Yesterday, a district court ruled that the federal government may no longer display a 43-foot Latin cross on Mt. Soledad in San Diego, California. The Court’s order, which prohibits the government from “displaying or continuing to allow the display of the current cross on federal land as part of the Mount Soledad Veterans Memorial,” follows a 2011 decision by the U.S. Court of Appeals for the Ninth Circuit holding that the display violates the fundamental principles underlying the Establishment Clause of the First Amendment to the U.S. Constitution.
The ACLU and the ACLU of San Diego and Imperial Counties brought this case on behalf of the Jewish War Veterans of the United States of America, the oldest veterans’ organization in the country, and other plaintiffs because we believe that government war memorials should honor veterans of all faiths, as well as those of no faith. The Constitution requires no less, and a gigantic, 43-foot Latin cross doesn’t come close. As the Court of Appeals explained, “The use of such a distinctively Christian symbol to honor all veterans sends a strong message of endorsement and exclusion. It suggests that the government is so connected to a particular religion that it treats that religion’s symbolism as its own, as universal. To many non-Christian veterans, this claim of universality is alienating.”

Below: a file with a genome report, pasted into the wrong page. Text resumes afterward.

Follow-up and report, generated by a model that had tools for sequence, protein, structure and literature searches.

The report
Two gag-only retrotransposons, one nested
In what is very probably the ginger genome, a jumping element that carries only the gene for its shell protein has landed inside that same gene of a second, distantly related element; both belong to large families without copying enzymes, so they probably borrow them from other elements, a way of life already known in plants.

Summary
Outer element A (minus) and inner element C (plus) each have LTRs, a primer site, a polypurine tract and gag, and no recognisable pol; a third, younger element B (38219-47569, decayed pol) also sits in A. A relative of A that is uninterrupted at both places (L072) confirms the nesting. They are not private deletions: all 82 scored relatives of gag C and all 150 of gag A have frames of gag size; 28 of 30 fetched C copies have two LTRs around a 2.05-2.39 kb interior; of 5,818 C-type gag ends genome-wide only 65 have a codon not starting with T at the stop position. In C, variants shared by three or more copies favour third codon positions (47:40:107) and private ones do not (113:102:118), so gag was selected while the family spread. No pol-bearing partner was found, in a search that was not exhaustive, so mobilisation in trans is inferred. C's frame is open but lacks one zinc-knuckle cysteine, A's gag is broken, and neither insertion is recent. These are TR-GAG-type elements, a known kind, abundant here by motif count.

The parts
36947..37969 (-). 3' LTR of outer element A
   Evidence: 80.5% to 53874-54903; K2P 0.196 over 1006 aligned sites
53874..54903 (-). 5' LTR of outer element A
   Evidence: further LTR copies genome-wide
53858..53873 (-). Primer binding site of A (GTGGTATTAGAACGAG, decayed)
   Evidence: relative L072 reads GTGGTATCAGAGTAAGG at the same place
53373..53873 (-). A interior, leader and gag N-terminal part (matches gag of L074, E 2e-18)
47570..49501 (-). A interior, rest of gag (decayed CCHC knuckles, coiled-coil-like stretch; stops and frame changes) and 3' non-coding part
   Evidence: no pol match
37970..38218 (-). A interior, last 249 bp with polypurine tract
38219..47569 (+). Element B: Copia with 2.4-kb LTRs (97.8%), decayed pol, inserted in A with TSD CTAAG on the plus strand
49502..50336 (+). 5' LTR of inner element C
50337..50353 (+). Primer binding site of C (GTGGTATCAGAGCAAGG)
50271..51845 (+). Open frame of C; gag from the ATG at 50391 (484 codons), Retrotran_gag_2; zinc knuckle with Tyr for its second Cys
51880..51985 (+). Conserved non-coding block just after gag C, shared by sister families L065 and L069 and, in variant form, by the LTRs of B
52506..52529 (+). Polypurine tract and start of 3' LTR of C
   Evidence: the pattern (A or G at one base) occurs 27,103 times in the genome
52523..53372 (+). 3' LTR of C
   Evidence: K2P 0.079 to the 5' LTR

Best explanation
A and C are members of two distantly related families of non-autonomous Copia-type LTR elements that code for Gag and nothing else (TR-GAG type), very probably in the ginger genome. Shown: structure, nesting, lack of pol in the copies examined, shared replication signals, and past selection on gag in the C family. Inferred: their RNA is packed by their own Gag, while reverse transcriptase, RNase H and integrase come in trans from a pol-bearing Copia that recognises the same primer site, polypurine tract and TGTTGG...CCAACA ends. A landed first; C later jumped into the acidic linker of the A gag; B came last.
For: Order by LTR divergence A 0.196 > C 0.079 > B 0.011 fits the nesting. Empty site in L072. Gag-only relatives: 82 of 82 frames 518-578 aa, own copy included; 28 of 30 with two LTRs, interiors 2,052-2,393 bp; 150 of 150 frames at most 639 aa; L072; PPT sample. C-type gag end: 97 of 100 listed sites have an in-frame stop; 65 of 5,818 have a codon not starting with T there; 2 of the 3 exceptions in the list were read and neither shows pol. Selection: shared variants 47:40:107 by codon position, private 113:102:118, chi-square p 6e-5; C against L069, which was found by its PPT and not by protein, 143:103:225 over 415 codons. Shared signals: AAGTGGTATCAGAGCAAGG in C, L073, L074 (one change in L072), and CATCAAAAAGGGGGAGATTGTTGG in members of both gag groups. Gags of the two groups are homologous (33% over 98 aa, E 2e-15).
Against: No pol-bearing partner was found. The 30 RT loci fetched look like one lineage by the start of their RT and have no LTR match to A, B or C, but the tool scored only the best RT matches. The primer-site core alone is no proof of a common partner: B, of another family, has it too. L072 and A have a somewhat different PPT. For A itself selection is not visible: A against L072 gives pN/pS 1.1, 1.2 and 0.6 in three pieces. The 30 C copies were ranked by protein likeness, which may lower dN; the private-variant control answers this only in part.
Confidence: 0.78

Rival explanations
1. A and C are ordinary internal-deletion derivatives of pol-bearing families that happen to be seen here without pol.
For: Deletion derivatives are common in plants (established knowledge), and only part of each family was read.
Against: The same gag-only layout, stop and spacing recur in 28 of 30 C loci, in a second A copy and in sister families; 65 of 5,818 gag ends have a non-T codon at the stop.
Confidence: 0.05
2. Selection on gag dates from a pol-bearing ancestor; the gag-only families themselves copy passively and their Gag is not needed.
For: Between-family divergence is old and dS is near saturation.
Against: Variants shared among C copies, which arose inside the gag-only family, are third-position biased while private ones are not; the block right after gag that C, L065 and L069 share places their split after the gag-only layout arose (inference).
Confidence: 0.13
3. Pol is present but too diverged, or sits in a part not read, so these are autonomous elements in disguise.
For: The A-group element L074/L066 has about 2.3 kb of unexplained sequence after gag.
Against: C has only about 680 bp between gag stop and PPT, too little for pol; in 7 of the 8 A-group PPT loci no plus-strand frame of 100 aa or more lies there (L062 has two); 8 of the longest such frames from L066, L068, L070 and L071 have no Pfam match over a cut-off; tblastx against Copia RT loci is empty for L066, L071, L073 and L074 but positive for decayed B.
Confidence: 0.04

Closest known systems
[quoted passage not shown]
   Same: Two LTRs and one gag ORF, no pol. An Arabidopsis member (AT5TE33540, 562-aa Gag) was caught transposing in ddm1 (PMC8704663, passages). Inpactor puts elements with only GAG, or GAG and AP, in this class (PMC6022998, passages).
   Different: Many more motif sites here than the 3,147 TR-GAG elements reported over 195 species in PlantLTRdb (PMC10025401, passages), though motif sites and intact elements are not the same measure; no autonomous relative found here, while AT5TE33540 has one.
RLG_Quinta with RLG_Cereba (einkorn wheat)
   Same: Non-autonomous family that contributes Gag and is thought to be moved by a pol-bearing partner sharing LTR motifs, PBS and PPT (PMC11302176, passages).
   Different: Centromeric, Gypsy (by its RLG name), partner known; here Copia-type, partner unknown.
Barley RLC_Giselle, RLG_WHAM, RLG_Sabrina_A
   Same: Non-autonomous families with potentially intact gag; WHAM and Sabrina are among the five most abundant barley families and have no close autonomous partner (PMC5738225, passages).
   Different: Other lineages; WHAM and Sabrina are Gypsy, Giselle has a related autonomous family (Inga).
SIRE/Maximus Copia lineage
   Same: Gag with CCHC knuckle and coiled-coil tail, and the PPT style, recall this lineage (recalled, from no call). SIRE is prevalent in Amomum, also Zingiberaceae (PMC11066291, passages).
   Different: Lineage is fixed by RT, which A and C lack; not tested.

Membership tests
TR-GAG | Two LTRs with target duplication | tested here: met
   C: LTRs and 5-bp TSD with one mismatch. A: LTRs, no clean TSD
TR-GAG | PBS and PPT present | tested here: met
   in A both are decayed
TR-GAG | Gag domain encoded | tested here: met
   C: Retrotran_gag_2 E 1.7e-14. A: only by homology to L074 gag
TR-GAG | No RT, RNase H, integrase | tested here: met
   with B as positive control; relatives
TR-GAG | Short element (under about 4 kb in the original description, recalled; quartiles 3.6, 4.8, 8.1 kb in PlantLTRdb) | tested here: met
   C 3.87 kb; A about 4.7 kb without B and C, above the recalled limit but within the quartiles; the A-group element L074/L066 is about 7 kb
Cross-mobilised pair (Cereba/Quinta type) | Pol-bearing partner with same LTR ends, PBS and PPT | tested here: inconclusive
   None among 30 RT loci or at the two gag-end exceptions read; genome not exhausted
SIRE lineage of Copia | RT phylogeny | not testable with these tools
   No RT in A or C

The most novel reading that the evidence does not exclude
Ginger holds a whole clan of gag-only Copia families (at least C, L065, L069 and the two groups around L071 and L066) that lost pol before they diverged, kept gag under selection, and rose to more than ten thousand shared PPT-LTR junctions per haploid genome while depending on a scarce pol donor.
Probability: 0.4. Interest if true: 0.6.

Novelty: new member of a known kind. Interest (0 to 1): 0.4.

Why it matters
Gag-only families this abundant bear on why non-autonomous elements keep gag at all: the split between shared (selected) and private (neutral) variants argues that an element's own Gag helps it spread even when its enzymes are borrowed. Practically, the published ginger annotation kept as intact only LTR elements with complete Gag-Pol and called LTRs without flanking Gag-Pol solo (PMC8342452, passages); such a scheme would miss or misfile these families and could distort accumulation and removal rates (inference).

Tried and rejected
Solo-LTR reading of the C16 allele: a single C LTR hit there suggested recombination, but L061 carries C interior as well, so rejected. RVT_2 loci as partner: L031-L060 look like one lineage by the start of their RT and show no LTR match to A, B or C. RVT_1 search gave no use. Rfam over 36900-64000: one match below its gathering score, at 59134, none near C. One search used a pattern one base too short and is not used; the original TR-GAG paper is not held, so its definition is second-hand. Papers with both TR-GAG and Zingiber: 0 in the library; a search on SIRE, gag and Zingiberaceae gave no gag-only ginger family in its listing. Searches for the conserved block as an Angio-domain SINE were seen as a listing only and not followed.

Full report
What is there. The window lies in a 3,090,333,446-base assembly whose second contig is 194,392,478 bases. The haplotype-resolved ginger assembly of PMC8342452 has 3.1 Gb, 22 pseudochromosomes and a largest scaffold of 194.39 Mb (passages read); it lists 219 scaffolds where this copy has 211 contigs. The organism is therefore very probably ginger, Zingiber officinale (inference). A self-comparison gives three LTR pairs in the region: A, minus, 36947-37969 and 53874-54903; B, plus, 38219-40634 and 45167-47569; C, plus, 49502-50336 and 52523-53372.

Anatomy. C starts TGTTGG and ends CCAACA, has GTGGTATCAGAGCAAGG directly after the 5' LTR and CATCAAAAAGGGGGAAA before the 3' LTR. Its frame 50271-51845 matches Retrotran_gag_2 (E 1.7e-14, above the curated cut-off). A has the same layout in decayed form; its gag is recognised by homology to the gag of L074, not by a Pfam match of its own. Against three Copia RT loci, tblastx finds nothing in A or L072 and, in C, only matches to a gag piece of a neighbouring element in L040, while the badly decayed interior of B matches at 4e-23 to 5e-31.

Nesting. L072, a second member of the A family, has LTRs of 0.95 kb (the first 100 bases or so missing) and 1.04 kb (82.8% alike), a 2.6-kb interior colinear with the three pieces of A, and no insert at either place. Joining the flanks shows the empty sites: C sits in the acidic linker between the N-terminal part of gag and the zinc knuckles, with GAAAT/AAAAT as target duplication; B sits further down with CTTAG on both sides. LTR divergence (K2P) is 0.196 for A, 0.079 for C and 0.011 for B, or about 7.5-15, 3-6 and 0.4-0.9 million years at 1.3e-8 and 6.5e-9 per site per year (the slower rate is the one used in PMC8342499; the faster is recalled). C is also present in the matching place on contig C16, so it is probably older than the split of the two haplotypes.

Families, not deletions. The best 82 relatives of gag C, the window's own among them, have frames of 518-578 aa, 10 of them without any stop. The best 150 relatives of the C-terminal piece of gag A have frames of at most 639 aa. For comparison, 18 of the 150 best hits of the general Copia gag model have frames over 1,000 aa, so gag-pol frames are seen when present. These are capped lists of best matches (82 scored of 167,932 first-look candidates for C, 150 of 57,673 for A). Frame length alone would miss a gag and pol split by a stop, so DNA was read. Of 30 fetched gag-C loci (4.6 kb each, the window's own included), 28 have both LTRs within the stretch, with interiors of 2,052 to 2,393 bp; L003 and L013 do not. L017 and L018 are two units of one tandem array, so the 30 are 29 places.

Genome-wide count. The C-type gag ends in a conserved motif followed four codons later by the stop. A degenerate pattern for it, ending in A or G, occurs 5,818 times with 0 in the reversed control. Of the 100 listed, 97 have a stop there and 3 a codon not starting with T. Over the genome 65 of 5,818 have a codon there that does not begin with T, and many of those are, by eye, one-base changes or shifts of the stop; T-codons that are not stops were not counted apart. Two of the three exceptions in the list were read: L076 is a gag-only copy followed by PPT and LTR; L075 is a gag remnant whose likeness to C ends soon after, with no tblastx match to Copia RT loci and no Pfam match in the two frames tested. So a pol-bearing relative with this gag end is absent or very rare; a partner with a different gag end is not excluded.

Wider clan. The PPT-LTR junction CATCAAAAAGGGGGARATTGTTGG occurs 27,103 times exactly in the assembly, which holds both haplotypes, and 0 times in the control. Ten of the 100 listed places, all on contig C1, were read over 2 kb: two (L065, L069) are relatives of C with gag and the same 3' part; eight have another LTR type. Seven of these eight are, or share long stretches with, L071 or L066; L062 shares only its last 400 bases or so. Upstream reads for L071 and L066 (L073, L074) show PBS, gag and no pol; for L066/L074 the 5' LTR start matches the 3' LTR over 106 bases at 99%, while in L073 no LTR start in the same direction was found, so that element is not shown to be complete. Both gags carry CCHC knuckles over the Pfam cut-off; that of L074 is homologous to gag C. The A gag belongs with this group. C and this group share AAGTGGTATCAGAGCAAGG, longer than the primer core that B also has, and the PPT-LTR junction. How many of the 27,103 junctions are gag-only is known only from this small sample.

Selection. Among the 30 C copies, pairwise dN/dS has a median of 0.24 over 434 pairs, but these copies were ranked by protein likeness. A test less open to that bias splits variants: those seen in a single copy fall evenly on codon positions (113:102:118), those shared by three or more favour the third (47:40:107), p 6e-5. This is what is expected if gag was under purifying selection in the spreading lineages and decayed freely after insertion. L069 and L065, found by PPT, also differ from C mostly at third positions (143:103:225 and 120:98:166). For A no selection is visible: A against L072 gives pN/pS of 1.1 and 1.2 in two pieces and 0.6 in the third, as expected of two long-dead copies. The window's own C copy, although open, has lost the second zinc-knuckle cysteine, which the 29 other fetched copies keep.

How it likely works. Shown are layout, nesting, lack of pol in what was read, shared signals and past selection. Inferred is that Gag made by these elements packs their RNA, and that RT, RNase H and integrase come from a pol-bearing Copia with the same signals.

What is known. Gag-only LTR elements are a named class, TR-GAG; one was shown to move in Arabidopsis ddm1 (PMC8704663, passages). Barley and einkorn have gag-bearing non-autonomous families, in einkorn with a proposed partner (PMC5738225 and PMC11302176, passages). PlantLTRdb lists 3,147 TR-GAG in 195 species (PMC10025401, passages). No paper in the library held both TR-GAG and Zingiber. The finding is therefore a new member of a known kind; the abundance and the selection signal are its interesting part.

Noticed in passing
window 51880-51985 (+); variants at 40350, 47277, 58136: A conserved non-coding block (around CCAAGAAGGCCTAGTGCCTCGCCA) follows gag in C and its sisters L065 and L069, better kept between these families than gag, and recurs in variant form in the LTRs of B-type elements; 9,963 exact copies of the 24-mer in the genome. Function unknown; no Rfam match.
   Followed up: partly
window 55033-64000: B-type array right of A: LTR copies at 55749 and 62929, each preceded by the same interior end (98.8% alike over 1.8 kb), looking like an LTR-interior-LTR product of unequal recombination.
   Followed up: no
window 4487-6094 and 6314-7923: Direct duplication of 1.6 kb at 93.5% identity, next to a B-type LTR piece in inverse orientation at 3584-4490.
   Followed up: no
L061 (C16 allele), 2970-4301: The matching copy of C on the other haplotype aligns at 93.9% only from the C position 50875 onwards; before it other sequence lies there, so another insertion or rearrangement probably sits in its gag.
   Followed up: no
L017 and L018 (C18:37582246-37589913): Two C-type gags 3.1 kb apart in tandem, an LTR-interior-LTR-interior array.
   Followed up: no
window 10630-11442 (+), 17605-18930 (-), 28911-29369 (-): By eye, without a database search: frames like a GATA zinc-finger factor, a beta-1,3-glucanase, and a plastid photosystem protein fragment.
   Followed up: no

While some defendants suggested that the cross could be preserved by adding signage disclaiming an endorsement or taking other measures, the district court correctly concluded that removal of the cross “is the only remedy that that the Ninth Circuit conceives will cure the constitutional violation.”
Yesterday’s victory reaffirms that the government should not play favorites with religion. Sacrificing the very constitutional principles that many veterans have risked their lives to defend is no way to pay tribute to our military. It’s time for the government to give up its indefensible defense of the Mt. Soledad cross and embrace a memorial that honors all veterans equally, without regard to faith.
Learn more about the separation of church & state and other civil liberty issues: Sign up for breaking news alerts, follow us on Twitter, and like us on Facebook.